The otherness of Nature, in Hegel, Schelling, and Whitehead, is necessary for God to come to know itself as Spirit. Nature is God’s mirror image, allowing the “everywhereness and everywheness of [ideal categories]” to find the immediacy of “the hereness and nowness of the instance” (ibid., p. 159). This scheme seems to me to transcend the dichotomy between idealism and realism, since universals are merely virtual without becoming realized in concrete particulars, just as particulars are unintelligible without some relevance to universals. This shade of black that I experience here and now may be particular, but its thisness participates in concrete actuality rather than emerging from it. This black may appear again in a different circumstance as the same black, making it as much the ingression of an idea as the prehension of a instance.
Hegel, like Whitehead and Schelling, overcomes the subjectivism of Kant by positing space and time as constitutive elements of Nature itself, rather than forms of intuition imposed upon it by consciousness.
The one area where Hegel may diverge from Schelling, and especially from Whitehead, is in his preference for a logical, rather than temporal conception of evolution.
“Hegel asserts,” writes Findlay,
that Nature essentially reveals itself in a ladder of forms from the most self-external to the most organically unified, since the ladder is that of the logical dialectic. But he repudiates the notion that this dialectical ladder must be turned into a historical temporal ladder… Hegel holds that all stages of the ladder coexist in time: their order is logical, not temporal. This position was modified when Hegel, compelled by the facts of the geological record, was forced to admit that life at least, in its higher vegetable and animal forms, emerged out of mere chemistry at a definite point in cosmic history. But even then he preferred to think of all species emerging together much as Pallas emerged fully armed from Zeus’ forehead… The earth is presupposed by life as having a long pre-vital history, but Hegel does not believe that many of the fossils found in early geological strata ever really lived, [rather] they are products of an organic-plastic impulse in inorganic matter which anticipated the lightning stroke of life (p. 161).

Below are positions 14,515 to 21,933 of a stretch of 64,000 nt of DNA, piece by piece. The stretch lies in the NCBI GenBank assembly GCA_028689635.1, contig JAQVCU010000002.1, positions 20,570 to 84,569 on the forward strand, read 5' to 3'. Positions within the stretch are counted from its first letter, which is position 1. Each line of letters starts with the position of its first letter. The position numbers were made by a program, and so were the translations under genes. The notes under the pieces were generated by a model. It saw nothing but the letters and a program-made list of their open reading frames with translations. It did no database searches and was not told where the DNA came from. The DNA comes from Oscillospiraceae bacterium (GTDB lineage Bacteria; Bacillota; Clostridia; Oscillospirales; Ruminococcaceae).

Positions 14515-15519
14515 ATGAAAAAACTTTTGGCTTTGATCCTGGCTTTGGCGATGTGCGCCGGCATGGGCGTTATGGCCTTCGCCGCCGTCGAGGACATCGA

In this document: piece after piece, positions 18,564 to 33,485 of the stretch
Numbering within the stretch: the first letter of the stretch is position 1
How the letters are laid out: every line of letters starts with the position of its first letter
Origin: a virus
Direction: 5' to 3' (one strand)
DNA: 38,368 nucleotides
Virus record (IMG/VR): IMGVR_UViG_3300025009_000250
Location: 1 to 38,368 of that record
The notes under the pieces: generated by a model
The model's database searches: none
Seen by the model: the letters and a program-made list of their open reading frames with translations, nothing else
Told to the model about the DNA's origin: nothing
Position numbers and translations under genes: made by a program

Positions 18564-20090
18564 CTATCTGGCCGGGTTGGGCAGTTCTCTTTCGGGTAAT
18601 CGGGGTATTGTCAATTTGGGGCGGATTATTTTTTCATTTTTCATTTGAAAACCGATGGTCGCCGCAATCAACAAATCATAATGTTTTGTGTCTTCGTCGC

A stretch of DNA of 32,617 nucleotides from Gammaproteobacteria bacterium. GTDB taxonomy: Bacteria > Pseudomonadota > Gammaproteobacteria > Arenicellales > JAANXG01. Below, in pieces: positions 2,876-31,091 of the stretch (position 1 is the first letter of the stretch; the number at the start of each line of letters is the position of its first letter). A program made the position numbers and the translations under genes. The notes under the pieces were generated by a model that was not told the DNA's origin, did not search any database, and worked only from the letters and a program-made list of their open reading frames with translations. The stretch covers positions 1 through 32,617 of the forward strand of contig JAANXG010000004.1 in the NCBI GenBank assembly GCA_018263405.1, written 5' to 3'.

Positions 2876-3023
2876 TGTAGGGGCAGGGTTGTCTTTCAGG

Despite much cognitive stress on my part, and several conversations with Sean Kelly, I’ve yet to comprehend what exactly Hegel is getting at as regards his denial of temporal evolution, short of offering a form of creationism that contradicts all empirical scientific study. I’d like to give him the benefit of the doubt here, but try as I may, it just sounds absurd. No doubt deep time and cosmic evolution are difficult to imagine, but even more so is the creation of a diversity of biological forms ex nihilo.
Jonael Schickler argues in his dissertation that Hegel’s account of the difference between the organic and inorganic realms (between chemistry and life) is underdetermined. Nonetheless, Schickler agrees with Hegel that individual organisms perish as a result of being unable to reconcile their individuality with their universality (a feat achieved concretely in Christ’s resurrection, but only abstractly in the inner life of Spirit). Hegel conceives of Spirit’s initial emergence as a potentiality seeking actualization (he calls Spirit in its potential phase the “natural soul” that relates to Nature through feelings rather than thought) (ibid., p. 163).
I’ll have to post another essay wherein I more fully draw out how Schelling differs from Hegel, but I’m far less certain now that the two had fundamentally opposed projects. Whitehead, due to his empirical bent, seems like the perfect mediator to bring the two into fruitful conversation.
Two abstracts for the papers I am writing for courses on Carl Jung and the Philosophy of Relgion, respectively.
“Uncovering the Unconscious: Psychology and the Soul”